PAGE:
Menopause Diagnosis

By Menopause Now Editorial Team | Updated: Aug 29, 2019


Women who ask how is menopause diagnosed are colloquially referring to perimenopause, which is a transformative, years-long transition leading up to menopause, or the date that marks 12 consecutive months without a period. As perimenopause is considered a milestone in the lives of many, women may wonder how exactly they can confirm its arrival.

Continue reading to learn all about the menopause diagnosis, including various diagnostic tests for menopause, as well as what to do next for symptom treatment.

Menopause Diagnosis

How Menopause is Diagnosed

Generally, a woman does not need to perform a test to confirm that she has entered the menopausal transition, and no one test or sign is enough to determine the official beginning either.

When diagnosing perimenopause, doctors take into consideration menstrual history, age, and any menopause symptoms or body changes she may be experiencing. 

Nevertheless, there are several diagnostic tests for menopause that doctors can order to verify that she has, indeed, entered perimenopause. They include:

Follicle stimulating hormone (FSH) Test

fsh test

Levels of follicle stimulating hormone (FSH), which is produced by the pituitary gland, increase temporarily each month to stimulate ovaries to mature eggs. As a woman enters perimenopause, the hormone's levels tend to increase in attempt to make the ovaries produce more estrogen.

Estrogen Test

Drastic fluctuations are characteristic of perimenopause as the ovaries wind down reproductive functions. As such, an estrogen test that serves as diagnosis of perimenopause may prove to find lower than normal levels of the hormone.

Thyroid stimulating hormone (TSH) Test

Whereas, a menopause differential diagnosis may include a TSH test in order to rule out a thyroid problem, whose symptoms are similar to those of perimenopause and may include irregular periods, hot flashes, mood swings, and fatigue, among others. 

How to Proceed

how to proceed

What comes next after a positive perimenopause diagnosis will depend on the woman, as each woman experiences the menopause transition differently.

In general, women are encouraged to pursue less risky menopause symptoms treatments first, which encourage overall endocrine system health. They include the implementation of lifestyle changes alongside alternative medicine. Pharmaceutical options may also be considered as a last resort.

Lifestyle changes

Lifestyle changes involve the least risk, yet most discipline. Nevertheless, when partaken in continually, their benefits are abundant. Try the following:

  • Optimize your diet. A low-fat, high-fiber diet to promote gastrointestinal health and ward off cardiovascular problems should be of high priority. Also, consume foods rich in calcium and vitamin D for optimal bone health as well as phytoestrogens, plant-based estrogens that act as the natural hormone in the body. Fresh fruits and vegetables; whole grains; legumes; and omega-3s-rich fatty fish are all viable options.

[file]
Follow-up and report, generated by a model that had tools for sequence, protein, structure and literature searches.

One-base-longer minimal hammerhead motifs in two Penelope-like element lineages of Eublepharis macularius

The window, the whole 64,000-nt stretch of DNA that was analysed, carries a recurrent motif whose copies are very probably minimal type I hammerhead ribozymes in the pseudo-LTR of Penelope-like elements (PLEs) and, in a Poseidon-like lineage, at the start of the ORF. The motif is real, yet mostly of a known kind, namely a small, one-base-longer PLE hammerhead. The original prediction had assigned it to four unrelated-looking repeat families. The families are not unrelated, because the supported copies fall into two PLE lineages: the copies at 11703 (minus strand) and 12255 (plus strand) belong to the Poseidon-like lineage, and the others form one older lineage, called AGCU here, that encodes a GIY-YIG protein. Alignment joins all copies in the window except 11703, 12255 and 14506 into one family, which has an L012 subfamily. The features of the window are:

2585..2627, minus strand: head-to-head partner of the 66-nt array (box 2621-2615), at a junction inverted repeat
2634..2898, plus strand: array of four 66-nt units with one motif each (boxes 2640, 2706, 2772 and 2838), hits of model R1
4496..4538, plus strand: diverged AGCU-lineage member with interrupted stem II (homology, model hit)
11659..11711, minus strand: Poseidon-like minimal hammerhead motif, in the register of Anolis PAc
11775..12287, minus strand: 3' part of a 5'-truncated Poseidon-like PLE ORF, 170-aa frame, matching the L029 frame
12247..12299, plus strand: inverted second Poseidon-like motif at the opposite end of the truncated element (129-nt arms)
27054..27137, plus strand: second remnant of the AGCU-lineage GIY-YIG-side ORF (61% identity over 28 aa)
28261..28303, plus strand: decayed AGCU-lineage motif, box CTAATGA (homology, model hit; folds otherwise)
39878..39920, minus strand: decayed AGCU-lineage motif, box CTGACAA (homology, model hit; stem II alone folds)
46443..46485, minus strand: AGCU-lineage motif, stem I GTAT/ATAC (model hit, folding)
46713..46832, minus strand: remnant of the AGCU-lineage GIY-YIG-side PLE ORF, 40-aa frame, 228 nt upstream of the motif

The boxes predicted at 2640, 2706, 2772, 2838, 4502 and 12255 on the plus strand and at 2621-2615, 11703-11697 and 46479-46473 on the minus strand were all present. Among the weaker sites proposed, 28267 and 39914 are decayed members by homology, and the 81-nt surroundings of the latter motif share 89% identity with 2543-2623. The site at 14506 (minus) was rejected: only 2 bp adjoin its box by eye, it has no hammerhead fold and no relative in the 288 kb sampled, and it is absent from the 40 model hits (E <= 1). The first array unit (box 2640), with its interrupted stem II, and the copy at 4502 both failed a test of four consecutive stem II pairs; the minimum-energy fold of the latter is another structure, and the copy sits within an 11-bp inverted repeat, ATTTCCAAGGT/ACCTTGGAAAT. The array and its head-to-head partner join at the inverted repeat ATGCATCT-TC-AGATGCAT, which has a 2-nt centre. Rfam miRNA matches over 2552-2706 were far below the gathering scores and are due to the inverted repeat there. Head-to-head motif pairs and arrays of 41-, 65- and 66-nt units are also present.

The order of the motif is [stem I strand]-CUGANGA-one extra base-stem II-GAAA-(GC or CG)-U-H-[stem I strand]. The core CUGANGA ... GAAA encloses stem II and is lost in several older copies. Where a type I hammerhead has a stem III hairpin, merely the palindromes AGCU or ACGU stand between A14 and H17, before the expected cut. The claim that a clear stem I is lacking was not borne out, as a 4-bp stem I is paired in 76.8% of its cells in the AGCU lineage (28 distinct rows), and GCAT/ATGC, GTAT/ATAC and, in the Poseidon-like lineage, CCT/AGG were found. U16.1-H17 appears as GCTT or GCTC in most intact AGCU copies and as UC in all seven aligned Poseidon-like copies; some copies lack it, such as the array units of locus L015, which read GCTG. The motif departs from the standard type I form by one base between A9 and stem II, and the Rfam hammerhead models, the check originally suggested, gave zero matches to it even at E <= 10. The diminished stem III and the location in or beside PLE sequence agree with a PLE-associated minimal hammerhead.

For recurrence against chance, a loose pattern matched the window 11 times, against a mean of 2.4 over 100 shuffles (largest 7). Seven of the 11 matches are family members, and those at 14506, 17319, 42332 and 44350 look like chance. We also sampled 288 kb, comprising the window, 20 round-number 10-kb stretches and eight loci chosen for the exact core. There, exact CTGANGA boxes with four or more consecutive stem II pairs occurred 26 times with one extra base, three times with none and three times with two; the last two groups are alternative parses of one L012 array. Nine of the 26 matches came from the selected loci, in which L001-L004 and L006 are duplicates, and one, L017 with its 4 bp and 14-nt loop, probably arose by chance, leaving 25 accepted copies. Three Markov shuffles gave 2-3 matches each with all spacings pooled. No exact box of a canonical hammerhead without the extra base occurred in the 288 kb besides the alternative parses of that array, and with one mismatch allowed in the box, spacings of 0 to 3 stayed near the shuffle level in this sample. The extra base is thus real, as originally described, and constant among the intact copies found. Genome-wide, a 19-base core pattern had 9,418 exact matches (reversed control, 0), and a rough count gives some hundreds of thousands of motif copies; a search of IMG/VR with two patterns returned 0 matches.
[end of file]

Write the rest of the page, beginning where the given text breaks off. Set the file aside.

• Stay active. Regular exercise has been shown to elevate mood, prevent weight gain, encourage healthy sleeping patterns, strengthen bones, and more. Try to partake in aerobic and weight-bearing exercises - walking, dancing, jogging, etc. - for 30 minutes a day, five days a week. If necessary, work with a personal trainer for optimal results. 

  • Practice wholesome habits. Excess stress can throw hormonal balance further out of line, thus leading to thyroid and adrenal dysfunction. Take time to unwind each day with yoga, meditation, tai chi, aromatherapy, deep breathing exercises, and other stress-relief techniques. Also, quit addictions to tobacco, caffeine, alcohol, and others that could further aggravate endocrine health.

Alternative medicine

Two alternative medicine options have been renowned for their effectiveness in promoting hormonal balance throughout and after the menopause transition. They are:

  • Phytoestrogenic herbal supplements. Phytoestrogenic herbal supplements, like black cohosh and red clover, contain potent concentrations of phytoestrogens, more so than their dietary counterparts. As such, they directly combat an estrogen imbalance. Use them short-term as extended use can lead to dependence. 

  • Hormone-regulating supplements. Hormone-regulating supplements, such as Macafem, encourage the pituitary glands to produce more of their own natural hormones, thus resolving a hormonal imbalance causing menopause symptoms without the unnecessary introduction of exogenous hormones into the body. Because of this, they can be used long-term.

Pharmaceutical options

Speak with your doctor about pharmaceutical options, like hormone replacement therapy (HRT), if aforementioned measures don't work. Keep in mind that their use can include serious risks and side effects that may be worse than the symptoms one is trying to treat.

Key Takeaways

In sum, no one diagnostic test for menopause is sufficient to confirm that a woman has entered perimenopause. Various factors - including menstrual history, age, and symptoms - are taken into consideration. Nonetheless, FSH, TSH, and estrogen tests may also lead to a glimpse of what's going on insider of her body.

Luckily, there are several measures women can pursue to allay symptoms and ultimately treat the hormonal imbalance taking place. They start, principally, with lifestyle changes and alternative medicine. If these less risky options don't provide relief, pharmaceutical options may be pursued with caution and under the supervision of a trusted healthcare professional.

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